The external analysis consists of 5 elements (in no particular order):
- The culture and society surrounding the target market
- Competitive conditions, including direct and indirect competitors
- Economic conditions, such as GDP, consumer confidence
- Technological conditions, including social media, new operational techniques, new products
- Legal conditions, including regulations and laws
An environmental scan includes a SWOT analysis – strengths, weaknesses, opportunities, and threats based on the environmental scan.
The internal analysis ends with the articulation of specific goals (SMART goals) that guide the development of strategies and tactics to achieve those goals.
Only after thoroughly completing earlier sections, does the firm move into crafting strategies and tactics to reach their goals. Strategies are developed for plans extending 5 years into the future (in general), although Asian countries often develop strategies for 50 years into the future. Obviously, strategies farther into the future are less defined than those for near terms.
Tactics involve very specific plans to accomplish over the next 12 months, along with metrics to evaluate performance.
If you’re interested, I have a couple of posts that go through the entire marketing plan in great detail. The first part goes through the first part of the marketing plan while the next post goes through the remaining elements of a marketing plan.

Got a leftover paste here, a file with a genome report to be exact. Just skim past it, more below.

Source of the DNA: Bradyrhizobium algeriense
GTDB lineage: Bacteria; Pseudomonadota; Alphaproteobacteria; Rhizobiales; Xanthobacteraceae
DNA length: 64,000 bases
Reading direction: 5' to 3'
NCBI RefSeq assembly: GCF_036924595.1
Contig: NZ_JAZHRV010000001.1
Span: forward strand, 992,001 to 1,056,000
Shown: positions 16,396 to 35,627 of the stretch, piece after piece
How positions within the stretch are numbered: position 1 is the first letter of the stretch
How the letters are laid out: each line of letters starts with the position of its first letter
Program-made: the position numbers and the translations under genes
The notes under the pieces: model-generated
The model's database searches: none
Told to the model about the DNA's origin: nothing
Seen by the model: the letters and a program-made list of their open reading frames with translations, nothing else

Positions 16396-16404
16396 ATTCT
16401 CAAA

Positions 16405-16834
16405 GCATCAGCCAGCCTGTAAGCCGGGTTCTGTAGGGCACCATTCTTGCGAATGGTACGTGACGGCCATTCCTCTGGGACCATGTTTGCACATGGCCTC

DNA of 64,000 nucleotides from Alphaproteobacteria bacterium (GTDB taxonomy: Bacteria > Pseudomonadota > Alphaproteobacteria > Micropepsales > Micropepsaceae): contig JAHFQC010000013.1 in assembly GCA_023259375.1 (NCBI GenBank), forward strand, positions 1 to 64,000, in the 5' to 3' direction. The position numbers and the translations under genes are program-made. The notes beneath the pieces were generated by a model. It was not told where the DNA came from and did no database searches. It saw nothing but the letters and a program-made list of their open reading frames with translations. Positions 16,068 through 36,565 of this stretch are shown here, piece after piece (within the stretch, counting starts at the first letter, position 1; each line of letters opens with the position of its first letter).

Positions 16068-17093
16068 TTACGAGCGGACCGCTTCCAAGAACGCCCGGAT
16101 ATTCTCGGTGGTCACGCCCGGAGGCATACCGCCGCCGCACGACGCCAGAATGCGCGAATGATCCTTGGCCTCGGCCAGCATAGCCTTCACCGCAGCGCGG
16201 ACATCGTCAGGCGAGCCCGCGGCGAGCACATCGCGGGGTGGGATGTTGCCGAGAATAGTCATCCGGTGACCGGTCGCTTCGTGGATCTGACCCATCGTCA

Marketing strategy formation
Strategy Formation Builds on the environmental scan already completed. It uses tools such as:
- Perceptual maps
- Portfolio analysis
- Product-market grids
- Competitive advantage
- Diversification analysis
From marketing strategy to implementation:
Marketers translate strategies into implementations using action plans, which are incredibly detailed documents including all the actions necessary to complete a particular strategy.
An example might be the introduction of a new product. Assuming the prospective new product exists as a prototype, the action plan would articulate in detail elements necessary for market testing (action plan #1), distribution strategy (action plan #2), etc.
The action plan also identifies who is responsible for each element of the plan and the person ultimately overseeing the plan, the financial or other resources necessary, and metrics to evaluate performance. After completion, the team evaluates performance and identifies elements to improve future action plans.
Where does marketing strategy come from?
A top-down approach that uses executives, the board of directors, and other advisors to develop strategy, which is then transmitted to operational units of the business for implementation. Conversely, a bottom-up strategy builds strategies for individual units, which are then coalesced into an overall plan by upper-level executives. Both have merit and businesses choose between these two strategies, or use some hybrid, based on corporate culture.